• The ten best things about smartphones (and you doubted there was even one!)
       Why I Love & Hate Having a Smartphone –  T H E   O A T M E A L
    • Turns out you really can make a silk urse out of a sow’s ear.
       Can Do  -  F U T I L I T Y   C L O S E T
    • In March 1974, Ayn Rand faced the improbable task of lecturing on the crucial importance of philosophy—to the graduating class of West Point. She succeeded magnificently: she attracted three times the expected attendance, she elicited an enthusiastic ovation, and her lecture was reprinted in a new philosophy textbook published by the U.S. Military Academy. Set aside a spare hour to relive this memorable occasion and insightful speech, and (re)discover the irresistible intellectual power of Ayn Rand.
      Philosophy: Who Needs It  - A Y N   R A N D
    • Parents, teachers, anyone interested in education … listen up! Here’s the ideal weekend workshop for you: a Montessori weekend in Matakana no less. What could be a better way to learn about the best philosophy in which to raise your children?
      A Montessori Workshop in NZ – A  M O N T E S S O R I   H O M E
    • Should the state waste time and resources tracking down “deadbeat dads”? Or recognise instead that just as there should be no involuntary servitude, there should be no involuntary parentitude (to coin a phrase).
      Video: Fatherhood Should Be Voluntary –  N O O D L E  F O O D

    • Here’s Paul Kelly’s tribute to a favourite place. You know, he’d give you all of Sydney Harbour, all that land and all that water, for that one sweet promenade.
    • Here’s Billy Strayhorn’s impressionistic masterpiece, inspired by the sight of London’s Chelsea Bridge through the fog, played by the masterful Ben Webster. [HT Jazz on the Tube]
    • And this, a few final moments from another of my current obsessions, takes up where Ben & Billy leave off.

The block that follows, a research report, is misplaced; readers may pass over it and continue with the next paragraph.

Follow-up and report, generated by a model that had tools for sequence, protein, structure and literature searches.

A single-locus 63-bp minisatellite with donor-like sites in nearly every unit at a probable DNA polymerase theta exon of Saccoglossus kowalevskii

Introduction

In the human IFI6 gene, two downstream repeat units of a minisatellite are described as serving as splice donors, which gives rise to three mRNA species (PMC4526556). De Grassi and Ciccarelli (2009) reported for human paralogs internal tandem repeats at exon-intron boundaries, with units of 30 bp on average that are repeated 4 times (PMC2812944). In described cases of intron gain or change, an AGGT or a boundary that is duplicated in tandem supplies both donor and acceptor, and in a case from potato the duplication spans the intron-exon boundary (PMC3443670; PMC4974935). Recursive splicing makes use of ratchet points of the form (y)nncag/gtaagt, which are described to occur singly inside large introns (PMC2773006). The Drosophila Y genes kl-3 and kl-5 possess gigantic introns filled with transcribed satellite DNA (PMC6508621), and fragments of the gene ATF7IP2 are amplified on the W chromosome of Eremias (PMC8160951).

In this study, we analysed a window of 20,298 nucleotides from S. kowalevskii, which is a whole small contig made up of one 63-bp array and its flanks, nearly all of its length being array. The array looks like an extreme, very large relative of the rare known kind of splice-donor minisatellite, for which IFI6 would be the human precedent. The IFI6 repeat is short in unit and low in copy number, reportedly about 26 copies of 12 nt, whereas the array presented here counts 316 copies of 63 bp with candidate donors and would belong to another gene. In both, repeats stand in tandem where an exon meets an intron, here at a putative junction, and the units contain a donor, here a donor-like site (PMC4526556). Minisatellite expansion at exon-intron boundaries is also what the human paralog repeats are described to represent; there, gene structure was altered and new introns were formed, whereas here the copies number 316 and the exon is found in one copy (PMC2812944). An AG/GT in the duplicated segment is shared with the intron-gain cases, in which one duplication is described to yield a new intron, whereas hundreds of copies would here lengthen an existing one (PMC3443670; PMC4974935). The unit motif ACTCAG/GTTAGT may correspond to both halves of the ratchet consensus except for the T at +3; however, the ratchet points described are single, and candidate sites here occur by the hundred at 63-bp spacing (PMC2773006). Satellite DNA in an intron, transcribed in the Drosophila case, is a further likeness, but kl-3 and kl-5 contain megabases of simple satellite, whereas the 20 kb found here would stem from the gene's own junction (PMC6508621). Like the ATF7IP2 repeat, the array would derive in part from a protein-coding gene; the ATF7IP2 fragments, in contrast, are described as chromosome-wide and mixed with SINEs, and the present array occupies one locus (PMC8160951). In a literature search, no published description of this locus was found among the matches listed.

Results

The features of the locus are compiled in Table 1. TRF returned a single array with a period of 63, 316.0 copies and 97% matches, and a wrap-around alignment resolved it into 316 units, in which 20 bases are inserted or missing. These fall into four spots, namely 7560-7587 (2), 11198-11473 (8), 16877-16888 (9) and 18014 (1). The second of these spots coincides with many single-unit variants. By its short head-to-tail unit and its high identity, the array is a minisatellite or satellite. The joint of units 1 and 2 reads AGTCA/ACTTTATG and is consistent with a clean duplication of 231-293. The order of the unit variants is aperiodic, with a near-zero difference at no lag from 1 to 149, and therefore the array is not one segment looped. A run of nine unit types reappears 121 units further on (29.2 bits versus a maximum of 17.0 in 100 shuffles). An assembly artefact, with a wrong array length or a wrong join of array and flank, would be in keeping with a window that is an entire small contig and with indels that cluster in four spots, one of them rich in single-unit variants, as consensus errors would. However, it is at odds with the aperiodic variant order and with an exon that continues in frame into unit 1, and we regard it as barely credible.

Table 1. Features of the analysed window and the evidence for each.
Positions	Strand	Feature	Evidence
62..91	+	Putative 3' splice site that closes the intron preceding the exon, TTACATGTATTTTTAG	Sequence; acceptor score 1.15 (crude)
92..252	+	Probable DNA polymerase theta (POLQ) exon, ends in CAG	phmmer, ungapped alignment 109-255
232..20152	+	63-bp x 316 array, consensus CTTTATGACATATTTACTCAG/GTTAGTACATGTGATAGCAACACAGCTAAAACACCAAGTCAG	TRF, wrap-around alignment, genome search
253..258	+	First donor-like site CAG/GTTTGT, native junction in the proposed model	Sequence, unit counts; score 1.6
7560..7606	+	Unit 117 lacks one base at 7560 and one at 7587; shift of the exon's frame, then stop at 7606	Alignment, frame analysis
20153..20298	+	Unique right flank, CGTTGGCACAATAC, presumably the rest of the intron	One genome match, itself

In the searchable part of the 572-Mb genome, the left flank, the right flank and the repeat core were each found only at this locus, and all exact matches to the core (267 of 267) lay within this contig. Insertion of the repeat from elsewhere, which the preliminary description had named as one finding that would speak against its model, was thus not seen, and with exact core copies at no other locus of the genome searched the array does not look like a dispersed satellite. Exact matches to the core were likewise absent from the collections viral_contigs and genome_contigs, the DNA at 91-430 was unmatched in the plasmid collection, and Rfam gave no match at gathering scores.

Final moments of Bruckner’s 4th Symphony, with paintings by Caspar David Friedrich

    Enjoy your weekend!
    PC

    PS: Thanks to all those who deserve a hat tip, and my apologies for not remembering who was responsible for which link. My thanks, and my fault.

  • Thursday, 23 June 2011

    Storm, by Tim Minchin

    A nine-minute beat poem about idiocy, by Tim Minchin.

    My favourite line:

    “Alternative Medicine
    Has either not been proved to work,
    Or been proved not to work.
    You know what they call ‘alternative medicine’
    That’s been proved to work?
    Medicine.”

    Disappearing in a cloud of Athenian tear gas

    They’re rioting in Greece because decades of welfarism has proved unaffordable.

    They thought the post-war experiment with the welfare state guaranteed every Greek a living at every other Greek’s expense. Now they’re learning otherwise.

    They thought their membership in the EU’s monetary union guaranteed Greece a living at Germany’s expense. Now they’re learning that was never possible.

    They thought that a policy of borrow and spend would work forever—spending based not on necessities of production but on the siren-song of “need,” and borrowing based on an ever-expanding pyramid plan of debt.

    It won’t. It can’t. It isn’t.  The bill is finally being presented, and the post-war welfare-state experiment that supposedly guaranteed everyone a living at everyone else’s expense is revealed for what it is: as unaffordable as cancer, and as destructive. For Greece as for every other welfare state.

    “The state,” as Bastiat once said, “is that great fiction by which everyone tries to live at everyone else’s expense.” The fiction is now disappearing in a cloud of Athenian tear gas.

    The biggest clusterfuck in modern European history was as unavoidable as the collapse of welfarism will be in every other place—and a first taste of what it will be like when the reality hits home in every place, either with or without riots, that the welfare state experiment is unaffordable. That borrow and spend is over. That mortgaging your grandchildren’s future to pay for your welfare state today will impoverish their generation, and eventually bankrupt this one too.

    And that lesson goes for us as well.

    How long do you think we can continue borrowing a third-of-a-billion a week to fund middle-class welfare, especially when bond yields start turning—as they can do overnight.

    DOWN TO THE DOCTOR’S: Welfare for the Rich

    _McGRathLibertarianz leader Dr Richard McGrath invites you down to his clinic for an inoculation against this week’s stories and headlines on issues affecting our freedom.

    This  week: Welfare for the Rich …

    THE DOCTOR SAYS: Doesn’t it give you a warm fuzzy to know your taxes are being used to make more wealthy someone who I would pick as already doing very nicely thank you, given her first album sold a third of a million copies internationally.